Sunday, May 02, 2010

Toronto Wants To Be More Like Pittsburgh

Who knew that Richard Florida's journey from Pittsburgh to Toronto would prove to be a step down? Saul Kaplan thinks that Toronto needs to do a better job of leveraging its civic assets. In today's Toronto Star:

“Toronto has a very good opportunity to become an urban-innovation hot spot,” says Kaplan. “It has an active creative class. And there’s a vibrant conversation about social change that you hear everywhere in the city.

“Groups quickly come together in Toronto to discuss challenges,” Kaplan adds. “And those groups, in turn, form networks to tackle every kind of social challenge. That is a double blessing. Citizens make a success of the project they’ve rallied around. And that success attracts talent, money and other resources to take on still more challenges.”

It’s not as if we have to abandon the top-down government model of civic improvement. We already have.

So have Pittsburgh, Turin, Bilbao, Sheffield and other cities that have lost their 20th-century industrial mainstay, yet thrive after transforming themselves into knowledge-based economies.

Actually, I think the article really highlights the similarities between Pittsburgh, Toronto, and the listed European cities:

I’ve long complained that our city has been run on auto-pilot. But the outsider perspective of a Kaplan or Florida is of a Toronto too blessed with civic assets not to be suited to becoming, in Kaplan’s description, “a laboratory of urban innovation.”

Self-absorbed Toronto sees dysfunction, corruption and ineffectiveness. Outsiders see a potential "urban-innovation hot spot." That's why Cincinnati is seeking the advice of an infamous Pittsburgher concerning a casino project:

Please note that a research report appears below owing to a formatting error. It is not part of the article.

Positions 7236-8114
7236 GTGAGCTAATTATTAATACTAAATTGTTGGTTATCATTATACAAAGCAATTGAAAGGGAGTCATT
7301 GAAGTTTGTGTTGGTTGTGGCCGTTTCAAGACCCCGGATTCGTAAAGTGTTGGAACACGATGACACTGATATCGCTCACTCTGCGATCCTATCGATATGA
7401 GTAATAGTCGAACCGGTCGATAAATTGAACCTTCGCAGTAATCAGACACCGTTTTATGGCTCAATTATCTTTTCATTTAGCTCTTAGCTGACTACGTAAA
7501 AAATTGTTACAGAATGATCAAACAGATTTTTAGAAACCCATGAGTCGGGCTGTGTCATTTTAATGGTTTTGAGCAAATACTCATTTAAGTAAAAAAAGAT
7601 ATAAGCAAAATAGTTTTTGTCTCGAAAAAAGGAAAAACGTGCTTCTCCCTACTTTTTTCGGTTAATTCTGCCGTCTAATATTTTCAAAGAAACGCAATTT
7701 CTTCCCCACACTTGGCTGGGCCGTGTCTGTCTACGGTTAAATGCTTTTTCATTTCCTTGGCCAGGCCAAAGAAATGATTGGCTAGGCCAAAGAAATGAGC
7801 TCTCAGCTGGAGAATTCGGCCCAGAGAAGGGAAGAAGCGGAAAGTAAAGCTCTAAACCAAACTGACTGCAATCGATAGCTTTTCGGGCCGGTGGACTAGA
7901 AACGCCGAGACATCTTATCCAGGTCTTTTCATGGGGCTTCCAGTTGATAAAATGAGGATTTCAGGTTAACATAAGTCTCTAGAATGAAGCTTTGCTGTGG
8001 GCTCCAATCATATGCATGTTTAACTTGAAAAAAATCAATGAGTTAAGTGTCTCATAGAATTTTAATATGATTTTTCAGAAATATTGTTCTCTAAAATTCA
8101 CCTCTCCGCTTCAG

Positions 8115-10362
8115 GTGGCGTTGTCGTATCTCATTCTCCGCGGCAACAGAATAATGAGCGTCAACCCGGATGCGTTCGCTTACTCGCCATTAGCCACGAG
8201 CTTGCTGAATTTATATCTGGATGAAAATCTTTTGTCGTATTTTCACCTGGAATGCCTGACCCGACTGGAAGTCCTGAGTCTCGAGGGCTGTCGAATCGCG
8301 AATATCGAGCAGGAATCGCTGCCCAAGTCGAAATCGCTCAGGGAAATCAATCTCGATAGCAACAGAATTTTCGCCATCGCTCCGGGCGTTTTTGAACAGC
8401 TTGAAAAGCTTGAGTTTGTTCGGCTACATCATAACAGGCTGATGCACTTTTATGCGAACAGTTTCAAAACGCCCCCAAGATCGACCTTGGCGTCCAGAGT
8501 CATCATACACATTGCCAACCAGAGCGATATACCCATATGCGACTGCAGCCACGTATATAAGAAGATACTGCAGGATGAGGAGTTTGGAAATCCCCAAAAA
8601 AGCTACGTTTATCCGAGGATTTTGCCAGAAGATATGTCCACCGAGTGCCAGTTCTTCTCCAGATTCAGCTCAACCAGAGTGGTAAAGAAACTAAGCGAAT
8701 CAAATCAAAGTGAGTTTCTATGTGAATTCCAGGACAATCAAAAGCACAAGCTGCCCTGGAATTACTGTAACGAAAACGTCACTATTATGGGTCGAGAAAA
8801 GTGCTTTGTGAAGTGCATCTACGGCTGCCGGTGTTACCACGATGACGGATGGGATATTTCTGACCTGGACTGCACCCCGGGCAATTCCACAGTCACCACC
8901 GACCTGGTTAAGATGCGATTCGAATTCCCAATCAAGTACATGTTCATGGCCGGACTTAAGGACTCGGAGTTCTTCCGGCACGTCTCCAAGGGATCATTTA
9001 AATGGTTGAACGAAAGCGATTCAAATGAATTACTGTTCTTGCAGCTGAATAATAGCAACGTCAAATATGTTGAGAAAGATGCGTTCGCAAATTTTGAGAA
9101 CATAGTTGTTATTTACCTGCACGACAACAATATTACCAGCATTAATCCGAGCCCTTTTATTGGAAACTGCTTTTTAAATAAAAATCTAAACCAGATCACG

Cullen said the images he’ll show next week are subject to change, but the connectivity concept is not. In fact, the concept might extend to business relationships between downtown hotels and restaurants and the casino itself. Its loyalty marketing programs, for example, might reward frequent casino guests with freebies at downtown establishments.

“This is not intended to be altruism,” said Cullen. “We do think this is the right thing for Cincinnati. But we also think it can be the most successful model for a casino operation.”

That kind of talk is common at the front end of big-ticket development projects, but following that talk with action is not, said Tom Murphy, senior resident fellow for the Urban Land Institute in Washington, D.C., a research and education group devoted to urban planning issues.

Murphy said casinos “want to capture every dollar and they do that by not having any clocks or windows.” So, when a developer says he wants to generate economic activity outside of his building, Murphy, the former mayor of Pittsburgh, is skeptical.

“That sounds wonderful,” he said. “I’d get it in writing.”

Pittsburgh is seen as an urban-innovation hot spot. Remember Paul Farmer? I'd bet Minneapolis does:

When you came to Minneapolis, it was clear why the city wanted you working here. Projects you steered in Pittsburgh--light-rail transit, the riverfront, downtown improvement--have had city councils across the country drooling.

Farmer left Minneapolis for Pittsburgh in 1994. Ultimately, Minneapolis would fire him. I've wondered why Pittsburgh didn't celebrate his legacy. I suspect the answer is that the civic assets of Pittsburgh are bigger than either Farmer or Murphy.

Moving the post back to Toronto, residents there don't seem to appreciate what they have. They lack perspective. Might they believe Saul Kaplan? I doubt it. I doubt Pittsburghers believe their city is in the same league as Turin, Bilbao, and Sheffield. Not to foster complacency, Toronto is a great city and it does a lot of things right. Strange how Pittsburgh and Toronto share an inferiority complex.

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